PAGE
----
The key to creating viable, living tissue is first understanding how it works.
As much as scientists know about the human body, the way tissue is formed at the cellular and sub-cellular level is still in large part a mystery. There are about 40 different cell types that make up a human liver, including Kupffer cells for removing debris from the blood, stellate cells for regenerating tissue that has died or been injured, and sinusoidal endothelial cells, which make up the interior surface of blood vessels and lymphatic vessels.
3D printed breast tissue could someday help to reconstruct breasts in cancer survivors. (Image: TeVido BioDevices)
"It's a complicated challenge," Miller said. "We don't know all the structures in the body. We're still learning. So we don't know to what extent we need to reconstitute all those features. We have some evidence that we may not need to re-create all those functions."
Miller and others believe that if they reconstitute a portion of tissue, even if it's not complete, there's a good chance it will continue to grow into a fully functioning organ once implanted in the body.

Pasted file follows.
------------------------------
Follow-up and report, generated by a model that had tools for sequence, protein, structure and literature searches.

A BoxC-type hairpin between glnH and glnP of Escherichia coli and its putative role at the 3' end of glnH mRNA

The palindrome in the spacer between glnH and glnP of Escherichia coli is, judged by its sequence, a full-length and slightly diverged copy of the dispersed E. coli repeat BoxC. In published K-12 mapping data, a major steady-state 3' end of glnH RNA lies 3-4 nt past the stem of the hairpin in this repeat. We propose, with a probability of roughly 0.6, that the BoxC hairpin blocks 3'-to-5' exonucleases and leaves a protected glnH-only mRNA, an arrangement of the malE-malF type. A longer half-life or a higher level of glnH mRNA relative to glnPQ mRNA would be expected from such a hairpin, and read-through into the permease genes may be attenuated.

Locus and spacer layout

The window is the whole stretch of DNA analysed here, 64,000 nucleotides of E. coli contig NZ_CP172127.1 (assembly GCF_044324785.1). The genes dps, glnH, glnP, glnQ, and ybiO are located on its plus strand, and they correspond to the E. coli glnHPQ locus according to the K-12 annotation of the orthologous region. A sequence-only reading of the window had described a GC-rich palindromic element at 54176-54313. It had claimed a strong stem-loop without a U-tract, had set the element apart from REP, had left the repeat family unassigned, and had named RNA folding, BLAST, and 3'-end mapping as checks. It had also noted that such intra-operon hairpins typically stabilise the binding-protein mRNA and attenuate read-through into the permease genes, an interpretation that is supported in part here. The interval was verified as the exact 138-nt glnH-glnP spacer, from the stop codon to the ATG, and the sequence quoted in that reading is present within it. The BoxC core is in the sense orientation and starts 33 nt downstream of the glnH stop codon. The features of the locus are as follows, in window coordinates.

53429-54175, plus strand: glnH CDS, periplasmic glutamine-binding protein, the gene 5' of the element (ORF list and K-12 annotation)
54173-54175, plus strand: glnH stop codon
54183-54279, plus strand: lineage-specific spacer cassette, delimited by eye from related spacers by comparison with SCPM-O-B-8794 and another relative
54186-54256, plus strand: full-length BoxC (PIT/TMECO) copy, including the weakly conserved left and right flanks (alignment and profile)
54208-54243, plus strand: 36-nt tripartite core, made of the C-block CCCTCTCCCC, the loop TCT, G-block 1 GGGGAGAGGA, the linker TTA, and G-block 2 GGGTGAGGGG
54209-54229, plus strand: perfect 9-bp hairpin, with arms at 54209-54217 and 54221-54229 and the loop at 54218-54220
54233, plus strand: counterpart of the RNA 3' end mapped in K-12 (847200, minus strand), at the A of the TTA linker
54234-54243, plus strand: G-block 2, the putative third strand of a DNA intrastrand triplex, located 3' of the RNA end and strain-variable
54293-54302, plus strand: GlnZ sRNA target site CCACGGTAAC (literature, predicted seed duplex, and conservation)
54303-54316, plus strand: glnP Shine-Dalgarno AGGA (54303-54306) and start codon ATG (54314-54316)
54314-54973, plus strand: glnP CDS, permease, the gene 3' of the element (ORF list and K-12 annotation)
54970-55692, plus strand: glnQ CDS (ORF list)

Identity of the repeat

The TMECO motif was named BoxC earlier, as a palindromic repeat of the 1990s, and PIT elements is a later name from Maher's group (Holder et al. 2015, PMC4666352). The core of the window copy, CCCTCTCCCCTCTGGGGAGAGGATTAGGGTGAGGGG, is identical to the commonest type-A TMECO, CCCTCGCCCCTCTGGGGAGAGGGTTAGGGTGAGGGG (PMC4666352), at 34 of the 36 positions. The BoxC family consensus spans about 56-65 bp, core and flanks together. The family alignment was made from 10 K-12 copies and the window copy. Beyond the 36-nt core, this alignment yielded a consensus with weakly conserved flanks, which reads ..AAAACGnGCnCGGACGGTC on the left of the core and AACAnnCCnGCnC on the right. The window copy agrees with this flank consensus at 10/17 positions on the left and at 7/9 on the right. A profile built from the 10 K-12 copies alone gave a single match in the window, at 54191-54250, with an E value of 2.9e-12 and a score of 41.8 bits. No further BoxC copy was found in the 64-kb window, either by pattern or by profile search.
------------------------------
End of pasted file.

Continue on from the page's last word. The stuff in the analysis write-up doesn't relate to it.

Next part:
"We've had some success in thin tissues, skin, corneas and bladder," Miller said. "It gets more complicated when you're talking about biochemical functions in the liver or kidney. Those are fragile cells that don't do well in labs. Some of the most interesting cells we want to print are hardest to keep alive."
Instead of printing cells 10 layers deep, as might be needed for a skin graft, researchers are attempting to print cells 5,000 or 10,000 layers deep, Miller said.
Just add sugar and water, and voila — blood vessels
In order to print thick tissues, scientists must also be able to create the vascular system needed for sustainability.
One approach with 3D printing has been to print out a temporary "scaffolding" made of sugar glass (a sugar-and-water combination) that can act as a mold to support cells that eventually form blood vessels. It's similar to the way a bronze statue is created: First the mold is formed, then filled with metal. In this case, living cells are used instead of metal.
Miller and others have had some success re-creating those vascular structures through the use of sugar glass — the same substance that's used to make easily breakable bottles and windows for stunts in movies.
"You start with a template, cast it and then melt [the sugar glass] out, leaving the vascular structure behind," Miller said. "Sugar is great because it's very rigid."
Using sugar glass as the scaffolding, Miller and his team of researchers have had some success in re-creating liver tissue. To date, the researchers have been able to create a piece of tissue the size of a thumbnail and keep it alive for two weeks.
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